© 2009 Delmar, Cengage Learning Equipment and Solutions Regulations Do not operate or use any equipment until you have been trained on how to use it Read and follow operating instructions Report any damaged or malfunctioning equipment immediately Do not use frayed or damaged electrical cords (continues)
© 2009 Delmar, Cengage Learning Equipment and Solutions Regulations (continued) Observe all safety rules Read MSDSs Never use solutions that are from unlabeled bottles Read labels at least three times Do not mix solutions together unless instructed to do so
© 2009 Delmar, Cengage Learning Patient/Resident Safety Regulations Do not perform any procedures on patients unless instructed and properly authorized Provide privacy for all patients Identify your patient Explain the procedure (continues)
© 2009 Delmar, Cengage Learning Personal Safety Regulations Responsible to protect yourself and others from injury Use correct body mechanics Wear the required uniform Walk; do not run Report any injury or accident Unsafe situations need to be reported (continues)
© 2009 Delmar, Cengage Learning Personal Safety Regulations (continued) Keep all areas neat and clean Wash hands frequently Dry hands thoroughly before handling electrical equipment Wear safety glasses when appropriate Observe all safety precautions (continues)
© 2009 Delmar, Cengage Learning Personal Safety Regulations (continued) If any solution comes in contact with skin or eyes, flush immediately with cool water and report If particle gets in eyes, report immediately, do not try to remove or rub eye
© 2009 Delmar, Cengage Learning Occurrence/ Incident Reports Records details of an accident or unusual event of patient, visitor or employee within 24 hours of event This report documents exact details of the occurrence Useful when dealing with possible liability issues in the future It never becomes a part of the patient medical record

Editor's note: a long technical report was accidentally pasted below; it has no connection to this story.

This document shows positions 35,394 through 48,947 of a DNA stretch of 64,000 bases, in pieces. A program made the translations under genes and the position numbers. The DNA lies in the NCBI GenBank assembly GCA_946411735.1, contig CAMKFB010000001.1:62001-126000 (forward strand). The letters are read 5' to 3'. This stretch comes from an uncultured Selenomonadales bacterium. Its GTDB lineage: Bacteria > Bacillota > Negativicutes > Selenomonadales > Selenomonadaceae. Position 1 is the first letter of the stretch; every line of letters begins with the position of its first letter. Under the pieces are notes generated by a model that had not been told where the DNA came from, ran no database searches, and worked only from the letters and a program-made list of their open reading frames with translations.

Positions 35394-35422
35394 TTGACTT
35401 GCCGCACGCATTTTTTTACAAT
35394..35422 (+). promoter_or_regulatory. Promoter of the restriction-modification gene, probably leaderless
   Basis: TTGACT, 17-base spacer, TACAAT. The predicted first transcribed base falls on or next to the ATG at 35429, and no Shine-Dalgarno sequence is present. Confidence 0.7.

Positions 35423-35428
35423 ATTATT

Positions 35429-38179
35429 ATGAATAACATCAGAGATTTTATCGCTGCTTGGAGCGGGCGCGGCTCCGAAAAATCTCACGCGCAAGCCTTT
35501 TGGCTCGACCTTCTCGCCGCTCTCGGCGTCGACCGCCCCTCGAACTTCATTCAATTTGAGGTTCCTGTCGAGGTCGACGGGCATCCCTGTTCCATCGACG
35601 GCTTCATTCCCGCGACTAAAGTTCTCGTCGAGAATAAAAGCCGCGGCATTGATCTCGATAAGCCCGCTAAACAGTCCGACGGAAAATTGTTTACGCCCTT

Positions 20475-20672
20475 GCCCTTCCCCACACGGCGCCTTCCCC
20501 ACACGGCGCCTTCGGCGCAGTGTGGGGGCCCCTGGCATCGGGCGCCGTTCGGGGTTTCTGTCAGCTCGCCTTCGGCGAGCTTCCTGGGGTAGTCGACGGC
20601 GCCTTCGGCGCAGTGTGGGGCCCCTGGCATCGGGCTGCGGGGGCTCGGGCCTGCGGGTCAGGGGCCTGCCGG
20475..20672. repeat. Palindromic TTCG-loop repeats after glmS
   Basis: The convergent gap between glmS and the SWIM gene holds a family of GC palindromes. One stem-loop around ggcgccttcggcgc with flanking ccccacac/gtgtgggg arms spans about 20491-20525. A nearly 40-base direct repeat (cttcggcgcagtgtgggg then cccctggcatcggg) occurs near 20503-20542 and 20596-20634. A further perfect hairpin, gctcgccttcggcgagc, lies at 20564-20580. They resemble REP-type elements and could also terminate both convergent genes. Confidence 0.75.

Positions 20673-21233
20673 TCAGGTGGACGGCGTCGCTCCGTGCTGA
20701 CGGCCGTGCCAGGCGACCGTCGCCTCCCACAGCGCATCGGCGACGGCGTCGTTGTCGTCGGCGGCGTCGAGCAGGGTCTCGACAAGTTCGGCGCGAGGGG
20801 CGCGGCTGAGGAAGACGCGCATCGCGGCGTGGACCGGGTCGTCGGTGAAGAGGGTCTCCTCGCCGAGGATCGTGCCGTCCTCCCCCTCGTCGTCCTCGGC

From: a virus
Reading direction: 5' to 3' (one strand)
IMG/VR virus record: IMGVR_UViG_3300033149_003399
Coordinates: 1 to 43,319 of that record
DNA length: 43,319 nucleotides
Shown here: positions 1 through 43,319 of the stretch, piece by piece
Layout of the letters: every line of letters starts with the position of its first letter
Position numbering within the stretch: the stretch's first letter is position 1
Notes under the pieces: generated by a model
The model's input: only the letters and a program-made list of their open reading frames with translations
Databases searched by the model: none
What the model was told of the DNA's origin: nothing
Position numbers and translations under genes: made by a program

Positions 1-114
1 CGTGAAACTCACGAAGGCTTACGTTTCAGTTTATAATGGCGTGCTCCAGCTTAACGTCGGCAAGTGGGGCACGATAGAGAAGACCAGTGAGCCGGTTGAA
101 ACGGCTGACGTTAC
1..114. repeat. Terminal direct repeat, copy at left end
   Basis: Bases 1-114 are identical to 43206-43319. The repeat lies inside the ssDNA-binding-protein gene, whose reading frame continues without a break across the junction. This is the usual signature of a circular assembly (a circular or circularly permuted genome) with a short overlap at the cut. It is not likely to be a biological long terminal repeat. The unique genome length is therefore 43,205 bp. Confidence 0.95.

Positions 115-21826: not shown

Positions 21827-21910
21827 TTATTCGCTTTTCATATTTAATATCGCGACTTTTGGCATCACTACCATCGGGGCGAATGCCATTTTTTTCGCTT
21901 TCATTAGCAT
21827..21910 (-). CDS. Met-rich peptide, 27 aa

© 2009 Delmar, Cengage Learning Summary Health care workers are legally responsible for familiarizing themselves with disaster policies Preventing fires is everyone’s concern Be alert to causes of fires and take measures to prevent them Know policies to follow in case of fire
© 2009 Delmar, Cengage Learning Create a Brochure for: TJC National Patient Safety Goals National Patient Safety Goals- to improve patient safety in identified problematic areas –Patient falls –Patient identification –Improve communication –Medication safety –Health care associated infections –Reconcile medications –Reduce flu and pneumococcal disease –Surgical fires –Pressure ulcers –Risk assessment –Changes in patient condition –Universal/standard precautions
© 2009 Delmar, Cengage Learning Safety Video http://www.youtube.com/watch?v=0CVkEp Xp7hohttp://www.youtube.com/watch?v=0CVkEp Xp7ho
Safety Promotion Basic Health Care; HCE100.
2.01 Understand safety procedures
Chapter 13 Promotion of Safety.
Safety Applications in the Healthcare Classroom / Laboratory / Clinics HS – IHS – 2: Students will maintain a safe work environment and prevent accidents.
Promotion of Safety.
Safety Practices in Healthcare. Safety Standards A. Defined: set of rules designed to protect both the patient and the health care worker B. Established.
Safety is very important in Healthcare – not only to the patient but to the care giver (You), coworkers and visitors! General health/safety standards.
HealthcareProfessionalSafety 2.01 Understand safety procedures 1.
EnvironmentalSafety 2.01 Understand safety procedures 1.
2.01 Patient and Healthcare Professional Safety Considerations
Environmental Safety 7.31 Safety in the workplace
Safety in the Workplace
Using body mechanics.
Safety Precautions Refer to the Healthcenter21 Course Guide for more information about editing teacher presentations.
Workplace Safety For Employees Slide Show Notes
Unit 13 Promotion of Safety. Copyright © 2004 by Thompson Delmar Learning. ALL RIGHTS RESERVED.2 13:1 Using Body Mechanics Muscles work best when used.
© 2009 Delmar, Cengage Learning Chapter 13 Promotion of Safety.
Environmental Safety Body Motions: Lifting, Pushing, and Turning Biohazardous Materials.
Control of Substances Hazardous to Health